The Wrangler

Behind the Scenes of Strange National Holidays

Each+day+is+a+new+unofficial+national+holiday%3B+April+alone+is+full+of+strange+celebrations.
Each day is a new unofficial national holiday; April alone is full of strange celebrations.

Each day is a new unofficial national holiday; April alone is full of strange celebrations.

The Kirkwood Call

The Kirkwood Call

Each day is a new unofficial national holiday; April alone is full of strange celebrations.

Caitlyn Truong, Photojournalist

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Unbeknownst to many, every day is a different “national” holiday. From National Tortellini Day to National Create a Vacuum Day, each day celebrates strangely specific people, actions, or objects. Although they are not officially a part of the calendar, most of these “holidays” have interesting origins explaining their peculiarity.

Historically, holidays were determined separately by specific religious events and occasions. Today, a holiday is only official when approved by Congress. In the 1980s, Congress passed numerous absurd holidays until the House of Representatives finally put an end to the frenzy, according to National Public Radio. Unsatisfied people then submitted their unofficial national holidays elsewhere, namely to the book, Chase’s Calendar of Events. According to National Public Radio, this book is considerably large and has over 750 pages. Similarly, a National Day Calendar website founded by Marlo Anderson in 2013 lists national holidays by month and has even made a profit by selling calendars.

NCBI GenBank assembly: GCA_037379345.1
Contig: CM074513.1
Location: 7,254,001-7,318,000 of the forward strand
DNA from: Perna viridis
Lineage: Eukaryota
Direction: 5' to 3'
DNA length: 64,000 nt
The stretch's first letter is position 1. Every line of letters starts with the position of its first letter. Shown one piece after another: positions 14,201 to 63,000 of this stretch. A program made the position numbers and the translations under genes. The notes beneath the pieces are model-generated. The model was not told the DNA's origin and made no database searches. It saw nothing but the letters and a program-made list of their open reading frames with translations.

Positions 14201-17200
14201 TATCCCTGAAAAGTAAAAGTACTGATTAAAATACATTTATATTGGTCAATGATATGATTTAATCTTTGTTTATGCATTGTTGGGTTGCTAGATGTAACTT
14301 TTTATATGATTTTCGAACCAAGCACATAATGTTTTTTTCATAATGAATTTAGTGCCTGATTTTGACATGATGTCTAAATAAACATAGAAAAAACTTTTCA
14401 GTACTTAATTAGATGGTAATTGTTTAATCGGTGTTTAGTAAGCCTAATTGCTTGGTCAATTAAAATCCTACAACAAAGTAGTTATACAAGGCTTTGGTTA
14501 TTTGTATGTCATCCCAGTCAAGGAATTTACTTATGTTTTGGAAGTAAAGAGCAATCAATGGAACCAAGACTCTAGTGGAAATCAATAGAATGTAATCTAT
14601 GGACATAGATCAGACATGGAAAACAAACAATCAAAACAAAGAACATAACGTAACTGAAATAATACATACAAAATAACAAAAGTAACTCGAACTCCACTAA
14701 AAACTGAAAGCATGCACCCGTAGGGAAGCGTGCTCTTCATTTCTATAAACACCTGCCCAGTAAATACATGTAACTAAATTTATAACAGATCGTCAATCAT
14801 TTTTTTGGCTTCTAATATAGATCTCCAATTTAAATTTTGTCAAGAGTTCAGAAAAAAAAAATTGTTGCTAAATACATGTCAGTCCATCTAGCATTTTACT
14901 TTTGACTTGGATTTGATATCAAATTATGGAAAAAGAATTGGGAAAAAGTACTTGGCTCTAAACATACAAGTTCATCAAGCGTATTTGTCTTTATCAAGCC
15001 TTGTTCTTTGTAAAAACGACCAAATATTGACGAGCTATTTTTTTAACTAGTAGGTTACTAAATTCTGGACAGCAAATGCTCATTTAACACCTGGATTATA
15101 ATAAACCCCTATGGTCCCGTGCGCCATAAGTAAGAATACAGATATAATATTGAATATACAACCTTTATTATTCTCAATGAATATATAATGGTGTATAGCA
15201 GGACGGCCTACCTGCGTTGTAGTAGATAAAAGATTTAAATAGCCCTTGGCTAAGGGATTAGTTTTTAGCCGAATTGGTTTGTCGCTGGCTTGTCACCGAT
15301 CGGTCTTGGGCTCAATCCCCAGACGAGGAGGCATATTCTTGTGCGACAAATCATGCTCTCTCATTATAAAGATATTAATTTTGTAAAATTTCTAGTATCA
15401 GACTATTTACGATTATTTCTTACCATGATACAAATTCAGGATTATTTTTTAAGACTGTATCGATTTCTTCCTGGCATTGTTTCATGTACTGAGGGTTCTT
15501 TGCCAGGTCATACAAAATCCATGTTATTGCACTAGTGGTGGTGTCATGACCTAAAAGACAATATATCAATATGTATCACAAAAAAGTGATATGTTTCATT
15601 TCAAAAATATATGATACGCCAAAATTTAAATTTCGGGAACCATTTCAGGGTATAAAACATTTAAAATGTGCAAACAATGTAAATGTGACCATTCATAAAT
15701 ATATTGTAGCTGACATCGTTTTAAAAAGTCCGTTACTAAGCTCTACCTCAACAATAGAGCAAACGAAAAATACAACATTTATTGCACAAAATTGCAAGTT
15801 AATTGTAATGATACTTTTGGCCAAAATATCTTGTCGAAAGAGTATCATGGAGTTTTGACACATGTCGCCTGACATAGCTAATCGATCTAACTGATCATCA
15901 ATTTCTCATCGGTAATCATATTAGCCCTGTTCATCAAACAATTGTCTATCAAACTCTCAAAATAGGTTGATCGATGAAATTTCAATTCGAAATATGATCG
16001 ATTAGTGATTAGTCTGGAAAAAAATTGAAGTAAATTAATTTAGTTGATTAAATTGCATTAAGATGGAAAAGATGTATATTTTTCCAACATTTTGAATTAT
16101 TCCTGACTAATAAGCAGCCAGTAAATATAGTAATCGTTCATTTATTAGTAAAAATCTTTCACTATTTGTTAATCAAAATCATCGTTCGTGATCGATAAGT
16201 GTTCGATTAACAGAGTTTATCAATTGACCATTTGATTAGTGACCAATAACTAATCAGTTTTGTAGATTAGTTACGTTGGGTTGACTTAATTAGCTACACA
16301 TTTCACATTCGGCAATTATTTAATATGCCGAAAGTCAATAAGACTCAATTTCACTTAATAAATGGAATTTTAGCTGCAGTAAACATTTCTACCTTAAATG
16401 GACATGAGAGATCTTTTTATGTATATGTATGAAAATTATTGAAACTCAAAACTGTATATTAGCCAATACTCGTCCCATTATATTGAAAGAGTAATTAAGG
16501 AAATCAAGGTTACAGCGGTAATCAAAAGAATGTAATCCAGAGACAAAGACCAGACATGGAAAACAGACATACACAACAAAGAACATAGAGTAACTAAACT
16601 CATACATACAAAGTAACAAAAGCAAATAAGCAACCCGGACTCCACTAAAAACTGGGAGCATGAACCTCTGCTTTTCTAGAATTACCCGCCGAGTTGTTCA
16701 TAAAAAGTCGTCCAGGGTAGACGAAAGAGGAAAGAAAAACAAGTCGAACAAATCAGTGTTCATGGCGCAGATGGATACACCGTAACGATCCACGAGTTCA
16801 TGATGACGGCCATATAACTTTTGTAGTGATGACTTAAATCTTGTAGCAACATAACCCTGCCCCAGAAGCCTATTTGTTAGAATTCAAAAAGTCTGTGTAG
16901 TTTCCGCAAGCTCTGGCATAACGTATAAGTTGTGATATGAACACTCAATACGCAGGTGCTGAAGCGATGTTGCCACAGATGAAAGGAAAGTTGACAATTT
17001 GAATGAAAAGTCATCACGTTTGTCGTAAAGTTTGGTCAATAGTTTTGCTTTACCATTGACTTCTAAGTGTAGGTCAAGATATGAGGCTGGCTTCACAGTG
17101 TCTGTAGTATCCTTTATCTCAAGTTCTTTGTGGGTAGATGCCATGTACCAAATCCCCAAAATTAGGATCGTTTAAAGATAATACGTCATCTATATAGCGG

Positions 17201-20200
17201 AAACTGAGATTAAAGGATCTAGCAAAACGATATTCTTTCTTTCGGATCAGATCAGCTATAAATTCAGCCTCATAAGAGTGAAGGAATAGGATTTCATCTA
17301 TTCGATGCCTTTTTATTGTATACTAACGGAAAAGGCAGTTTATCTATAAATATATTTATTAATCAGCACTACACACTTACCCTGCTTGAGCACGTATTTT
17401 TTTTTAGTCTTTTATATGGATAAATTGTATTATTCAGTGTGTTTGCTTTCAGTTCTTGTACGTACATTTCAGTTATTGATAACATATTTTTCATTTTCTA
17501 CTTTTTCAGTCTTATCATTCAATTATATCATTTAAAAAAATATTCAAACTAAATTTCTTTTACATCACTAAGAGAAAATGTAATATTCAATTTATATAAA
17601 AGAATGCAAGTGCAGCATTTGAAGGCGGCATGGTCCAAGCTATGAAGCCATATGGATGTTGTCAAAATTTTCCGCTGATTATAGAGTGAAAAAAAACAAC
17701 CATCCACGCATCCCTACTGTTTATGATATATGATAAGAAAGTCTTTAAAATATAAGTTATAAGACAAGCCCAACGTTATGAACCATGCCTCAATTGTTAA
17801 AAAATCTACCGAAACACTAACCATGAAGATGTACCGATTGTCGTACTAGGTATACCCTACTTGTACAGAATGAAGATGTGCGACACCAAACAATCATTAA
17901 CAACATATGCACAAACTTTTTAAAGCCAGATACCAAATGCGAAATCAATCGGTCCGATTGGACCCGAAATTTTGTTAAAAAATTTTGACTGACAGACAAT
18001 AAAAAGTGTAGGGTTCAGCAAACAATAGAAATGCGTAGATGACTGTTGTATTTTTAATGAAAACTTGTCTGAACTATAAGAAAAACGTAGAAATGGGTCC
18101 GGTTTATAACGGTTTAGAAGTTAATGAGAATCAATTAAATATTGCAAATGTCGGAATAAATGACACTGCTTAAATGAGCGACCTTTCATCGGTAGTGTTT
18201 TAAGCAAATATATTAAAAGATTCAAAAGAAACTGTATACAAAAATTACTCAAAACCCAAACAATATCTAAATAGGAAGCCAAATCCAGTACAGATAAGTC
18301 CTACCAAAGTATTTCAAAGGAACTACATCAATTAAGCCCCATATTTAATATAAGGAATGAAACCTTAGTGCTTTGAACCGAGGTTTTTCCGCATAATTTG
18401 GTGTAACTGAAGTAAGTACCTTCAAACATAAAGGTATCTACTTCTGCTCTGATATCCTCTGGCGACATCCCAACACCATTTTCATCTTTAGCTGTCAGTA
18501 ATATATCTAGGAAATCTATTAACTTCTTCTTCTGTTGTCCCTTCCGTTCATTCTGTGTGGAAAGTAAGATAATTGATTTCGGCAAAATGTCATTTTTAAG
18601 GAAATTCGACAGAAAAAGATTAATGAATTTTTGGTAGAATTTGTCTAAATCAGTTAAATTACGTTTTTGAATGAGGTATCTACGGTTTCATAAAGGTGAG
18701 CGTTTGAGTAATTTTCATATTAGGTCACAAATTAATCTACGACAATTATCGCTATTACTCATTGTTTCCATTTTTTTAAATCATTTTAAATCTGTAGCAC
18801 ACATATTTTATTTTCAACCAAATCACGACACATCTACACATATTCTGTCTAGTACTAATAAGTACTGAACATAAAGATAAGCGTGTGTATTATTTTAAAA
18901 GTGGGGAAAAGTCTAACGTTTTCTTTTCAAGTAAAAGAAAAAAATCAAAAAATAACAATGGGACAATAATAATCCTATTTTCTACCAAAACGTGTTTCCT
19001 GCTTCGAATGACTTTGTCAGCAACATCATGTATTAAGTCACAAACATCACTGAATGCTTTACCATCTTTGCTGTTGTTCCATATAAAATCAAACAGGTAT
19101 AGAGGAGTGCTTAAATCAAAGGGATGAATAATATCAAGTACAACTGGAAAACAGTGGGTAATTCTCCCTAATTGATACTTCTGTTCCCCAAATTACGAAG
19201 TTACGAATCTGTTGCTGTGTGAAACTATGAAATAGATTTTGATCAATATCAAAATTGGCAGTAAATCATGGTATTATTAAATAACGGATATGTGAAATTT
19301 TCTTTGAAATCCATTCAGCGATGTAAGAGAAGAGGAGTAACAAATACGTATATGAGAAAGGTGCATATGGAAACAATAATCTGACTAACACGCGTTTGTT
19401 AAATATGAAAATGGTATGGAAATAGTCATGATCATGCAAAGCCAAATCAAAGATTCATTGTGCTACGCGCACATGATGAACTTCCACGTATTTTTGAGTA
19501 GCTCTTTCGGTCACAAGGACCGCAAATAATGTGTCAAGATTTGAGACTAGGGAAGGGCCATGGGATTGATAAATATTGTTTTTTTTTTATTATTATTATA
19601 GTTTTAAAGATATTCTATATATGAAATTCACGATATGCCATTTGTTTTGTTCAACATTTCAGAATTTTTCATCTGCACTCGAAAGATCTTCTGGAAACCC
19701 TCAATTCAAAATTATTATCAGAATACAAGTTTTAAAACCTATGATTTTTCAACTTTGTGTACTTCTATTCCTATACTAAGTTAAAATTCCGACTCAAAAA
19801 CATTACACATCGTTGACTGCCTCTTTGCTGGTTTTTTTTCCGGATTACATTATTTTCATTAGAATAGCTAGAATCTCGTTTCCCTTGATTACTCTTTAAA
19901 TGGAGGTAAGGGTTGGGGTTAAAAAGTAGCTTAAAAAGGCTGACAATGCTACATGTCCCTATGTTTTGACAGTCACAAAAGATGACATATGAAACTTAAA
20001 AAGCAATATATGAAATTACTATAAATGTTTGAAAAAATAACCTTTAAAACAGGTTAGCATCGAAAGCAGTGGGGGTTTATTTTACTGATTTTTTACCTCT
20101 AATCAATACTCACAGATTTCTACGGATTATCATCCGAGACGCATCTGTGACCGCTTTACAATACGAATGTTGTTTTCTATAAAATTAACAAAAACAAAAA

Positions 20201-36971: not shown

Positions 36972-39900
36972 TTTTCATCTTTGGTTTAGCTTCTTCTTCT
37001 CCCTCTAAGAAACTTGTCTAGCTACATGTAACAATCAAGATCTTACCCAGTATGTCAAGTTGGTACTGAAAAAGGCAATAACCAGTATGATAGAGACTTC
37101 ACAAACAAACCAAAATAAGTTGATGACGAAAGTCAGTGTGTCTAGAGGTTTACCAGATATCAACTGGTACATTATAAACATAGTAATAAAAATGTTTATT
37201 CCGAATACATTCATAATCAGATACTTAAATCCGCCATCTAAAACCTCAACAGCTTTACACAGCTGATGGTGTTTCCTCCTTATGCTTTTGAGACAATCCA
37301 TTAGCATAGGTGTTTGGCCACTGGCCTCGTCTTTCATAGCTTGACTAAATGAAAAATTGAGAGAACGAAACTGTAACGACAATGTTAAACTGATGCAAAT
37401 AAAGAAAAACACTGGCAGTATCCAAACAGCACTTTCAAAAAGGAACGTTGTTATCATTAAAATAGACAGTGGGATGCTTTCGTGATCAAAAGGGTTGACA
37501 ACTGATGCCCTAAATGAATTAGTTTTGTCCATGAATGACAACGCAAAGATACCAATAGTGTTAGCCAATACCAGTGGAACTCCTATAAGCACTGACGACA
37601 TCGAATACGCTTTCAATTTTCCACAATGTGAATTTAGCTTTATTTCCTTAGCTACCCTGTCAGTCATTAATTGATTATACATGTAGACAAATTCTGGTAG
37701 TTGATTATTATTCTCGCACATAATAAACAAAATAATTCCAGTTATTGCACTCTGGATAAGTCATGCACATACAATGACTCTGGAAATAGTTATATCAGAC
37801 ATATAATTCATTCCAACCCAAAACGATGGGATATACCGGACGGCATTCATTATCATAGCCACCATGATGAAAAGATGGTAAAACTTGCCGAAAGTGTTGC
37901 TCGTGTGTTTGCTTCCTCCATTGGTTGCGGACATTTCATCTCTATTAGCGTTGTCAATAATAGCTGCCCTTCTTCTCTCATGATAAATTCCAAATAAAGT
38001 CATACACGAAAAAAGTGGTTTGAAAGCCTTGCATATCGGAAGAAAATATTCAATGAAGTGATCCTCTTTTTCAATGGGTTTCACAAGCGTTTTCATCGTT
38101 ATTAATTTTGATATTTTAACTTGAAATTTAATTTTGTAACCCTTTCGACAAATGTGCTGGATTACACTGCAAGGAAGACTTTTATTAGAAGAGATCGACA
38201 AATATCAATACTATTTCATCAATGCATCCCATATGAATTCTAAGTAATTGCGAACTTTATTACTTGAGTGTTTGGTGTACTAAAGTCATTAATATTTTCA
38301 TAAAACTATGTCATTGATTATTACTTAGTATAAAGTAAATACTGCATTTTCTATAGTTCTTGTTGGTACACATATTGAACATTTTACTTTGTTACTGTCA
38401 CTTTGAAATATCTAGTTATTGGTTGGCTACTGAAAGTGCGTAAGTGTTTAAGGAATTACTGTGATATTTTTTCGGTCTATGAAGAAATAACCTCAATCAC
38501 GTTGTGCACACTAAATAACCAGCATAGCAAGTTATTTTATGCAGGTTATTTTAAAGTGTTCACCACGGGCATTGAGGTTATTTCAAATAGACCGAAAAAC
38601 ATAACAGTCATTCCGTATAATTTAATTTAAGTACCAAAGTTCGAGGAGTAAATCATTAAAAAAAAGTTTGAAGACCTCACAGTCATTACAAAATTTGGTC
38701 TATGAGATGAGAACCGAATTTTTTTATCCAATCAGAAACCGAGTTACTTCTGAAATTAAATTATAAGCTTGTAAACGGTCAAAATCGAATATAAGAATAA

While these holidays seem to be the product of silly passions, the unfortunate truth is that most of them were made for advertising purposes. National Pancake Day, for example, was created by IHOP to promote their own restaurants. Similarly, Dunkin’ Donuts has taken advantage of National Coffee Day to increase sales.

Other holidays, however, have more amusing origins. January 3 is National Fruitcake Toss Day and was invented in order to discard undesired fruitcake after Christmas, according to Huffington Post. National Open Umbrellas Day is celebrated every March 13 and was created in spite of the popular superstition that opening umbrellas invites bad luck. Talk Like a Pirate Day, on September 19, was created by two friends who imitated the speech of pirates when they played racquetball.

Blame Someone Else Day is on the first Friday the 13th of every year and was begun by a woman who made excuses all day when her alarm malfunctioned. National Weatherperson’s Day is celebrated every February 5, the birthday of one of the first weatherperson, John Jeffries. National Organ Day coincides with Valentine’s Day on February 14 in the common spirit of giving one’s heart away in the literal sense.

Some particularly bizarre holidays have no known explanations, however. National Microwave Oven Day, National Bubble Wrap Appreciation Day, National Hot Buttered Rum Day, and National Step In a Puddle and Splash Your Friends Day are among many which may always be a mystery. Nonetheless, people celebrate these holidays wholeheartedly and take pride in doing so. When asked about the eccentricity of these unofficial national holidays, Angelina Nguyen (10) laughs and says, “My favorite would probably be National Waffle Day. Some of the days that people make up are so funny.” Creating national holidays is a limitless opportunity to celebrate something new every day.

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About the Writer
Caitlyn Truong, Editor

Caitlyn Truong is a junior at Yorba Linda High School and is excited
to be a photojournalist and editor for The Wrangler. As she approaches
her third year of high school, she continues to be an active member of
Speech and Debate, PTSA Student Leadership, CSF, NHS, Link Crew, and
Key Club. In her free time, she enjoys reading, baking, watching
movies, traveling, and spending time with her friends and family.

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Behind the Scenes of Strange National Holidays